Activity Name: Designing a Paper Airplane

Activity Name: Designing a Paper Airplane
Author: Adapted by Yoo Jin Chung and Kate Fraser
Adapted from: Introduction to Technology, Glencoe / McGraw-Hill by
Alan J. Pierce, Dennis Karwatka, 2005.
Target Subject: Technology/engineering
Purpose: To create a paper airplane and modify it to increase flight
time and distance.
Background Information: Folded paper gliders are believed to have
originated from Ancient China. However, the through Japanese
people who paper-folding craft is now widely known as origami, a
Japanese term. Before the invention of modern airplane, pioneers of
aircraft design studied and made paper gliders.
Preparation: Learn how to fold a basic paper plane according to the
description below. Students may benefit from hands on instruction in
paper folding techniques, and terms such as horizontal and vertical,
as well as a chance to examine previously folded steps in the
Materials: Letter size paper, measuring tape, paper clip, tape, clay
1. Identify the longer side of the paper. Place the sheet of paper
so that the longer side of the paper is perpendicular to the
edge of the table and the shorter side of the paper is horizontal
to the edge of the table.
2. Next, fold the paper exactly in half the long way (the right and
left edges will line up with each other.
3. Re-open the paper so there is a vertical crease that divides the
paper into half.
4. Identify the top shorter side of the paper. Find the two corners
of the shorter side of the paper. Fold each corner in towards
the center, to the point where the inside edge of the paper meets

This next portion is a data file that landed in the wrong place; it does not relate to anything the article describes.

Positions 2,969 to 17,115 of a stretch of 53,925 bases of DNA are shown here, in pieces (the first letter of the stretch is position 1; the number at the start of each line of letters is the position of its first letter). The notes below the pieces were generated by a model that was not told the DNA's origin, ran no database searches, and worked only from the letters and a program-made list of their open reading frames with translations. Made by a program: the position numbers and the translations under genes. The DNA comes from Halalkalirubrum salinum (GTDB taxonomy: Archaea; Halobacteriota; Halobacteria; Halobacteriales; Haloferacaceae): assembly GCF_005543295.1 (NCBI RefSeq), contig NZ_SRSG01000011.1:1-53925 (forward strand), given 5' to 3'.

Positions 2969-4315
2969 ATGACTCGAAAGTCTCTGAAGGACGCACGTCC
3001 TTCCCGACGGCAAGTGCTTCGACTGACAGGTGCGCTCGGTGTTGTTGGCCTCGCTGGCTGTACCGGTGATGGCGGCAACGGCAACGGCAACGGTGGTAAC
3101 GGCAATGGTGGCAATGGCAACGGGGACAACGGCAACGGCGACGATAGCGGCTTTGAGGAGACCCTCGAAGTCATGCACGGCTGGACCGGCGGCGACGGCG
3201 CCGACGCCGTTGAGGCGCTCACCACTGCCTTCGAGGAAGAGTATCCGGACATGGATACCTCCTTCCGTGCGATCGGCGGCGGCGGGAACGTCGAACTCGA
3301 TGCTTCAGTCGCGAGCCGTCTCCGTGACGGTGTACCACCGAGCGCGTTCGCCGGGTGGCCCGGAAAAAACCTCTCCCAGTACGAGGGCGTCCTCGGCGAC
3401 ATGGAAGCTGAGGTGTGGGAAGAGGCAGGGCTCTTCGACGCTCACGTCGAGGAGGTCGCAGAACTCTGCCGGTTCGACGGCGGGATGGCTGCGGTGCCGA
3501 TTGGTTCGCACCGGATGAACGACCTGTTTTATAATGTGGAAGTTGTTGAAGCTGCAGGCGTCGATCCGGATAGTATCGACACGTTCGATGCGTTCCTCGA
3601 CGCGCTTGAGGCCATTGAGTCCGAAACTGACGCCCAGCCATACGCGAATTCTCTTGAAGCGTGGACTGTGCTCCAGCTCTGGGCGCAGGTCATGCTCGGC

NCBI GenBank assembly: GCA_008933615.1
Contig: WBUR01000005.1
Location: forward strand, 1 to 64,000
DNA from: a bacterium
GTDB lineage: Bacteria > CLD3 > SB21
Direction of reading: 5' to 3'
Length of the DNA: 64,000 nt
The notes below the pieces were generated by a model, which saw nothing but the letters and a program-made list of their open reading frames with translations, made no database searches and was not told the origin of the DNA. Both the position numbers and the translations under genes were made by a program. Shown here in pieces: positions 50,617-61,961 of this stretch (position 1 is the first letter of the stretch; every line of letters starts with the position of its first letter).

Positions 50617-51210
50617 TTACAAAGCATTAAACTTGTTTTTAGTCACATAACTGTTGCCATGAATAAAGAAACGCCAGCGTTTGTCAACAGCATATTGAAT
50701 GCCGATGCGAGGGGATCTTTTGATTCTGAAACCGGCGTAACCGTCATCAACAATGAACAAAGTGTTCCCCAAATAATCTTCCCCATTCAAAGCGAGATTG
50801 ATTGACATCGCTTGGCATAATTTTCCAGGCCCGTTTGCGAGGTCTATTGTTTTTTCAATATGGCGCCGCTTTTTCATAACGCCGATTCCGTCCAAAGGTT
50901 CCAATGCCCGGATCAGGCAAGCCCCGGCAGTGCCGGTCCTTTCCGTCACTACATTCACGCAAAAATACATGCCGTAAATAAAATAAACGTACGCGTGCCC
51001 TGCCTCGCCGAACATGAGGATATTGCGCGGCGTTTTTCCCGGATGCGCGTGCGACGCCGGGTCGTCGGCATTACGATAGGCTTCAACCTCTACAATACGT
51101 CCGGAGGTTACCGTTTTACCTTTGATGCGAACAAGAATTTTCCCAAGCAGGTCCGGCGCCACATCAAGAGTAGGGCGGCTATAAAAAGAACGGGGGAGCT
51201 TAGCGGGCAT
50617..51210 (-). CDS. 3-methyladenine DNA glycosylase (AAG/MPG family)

the crease identified in step 3.
5. The paper now looks like a house, with pointed roof and a
rectangular bottom. Starting at the tip of the “roof”, bring each
fold to meet at the crease in the center.
6. Now the paper looks like a triangle with a long, pointy tip and
two flaps on two sides.
7. Starting at the bottom corners of the triangle, fold the sides
inward until the sides meet the center crease.
8. Your paper now looks like a very thin slice of pizza, with a
crack in the center. Flip the paper over, so that the paper is
smooth without any inward folds.
9. Identify the center crease and the two long sides. Fold the
paper in half inward.
10. Your plane now has a flat glider-like wing and a perpendicular
triangular base below the wings. Hold the base lightly, with the
pointy tip of the plane facing away from you, and fly the plane.
11. Measure how far the plane went with the measuring tape.
Record the data
12. Improve the plane so that it flies farther? Try taping certain
parts of the plane or folding in a different way. Describe each
design in your data and record the various distances
13. Now, try attaching a paper clip at the base of the plane, near
the pointy tip. Does it help the plane fly better? What if you put
clay there? Why do you think this changes how far it flies?
Pierce, Alan J. and Dennis Karwatka. Introduction to Technology,
Third Edition, The McGraw Hill Companies, 2005, pages 46 and 47.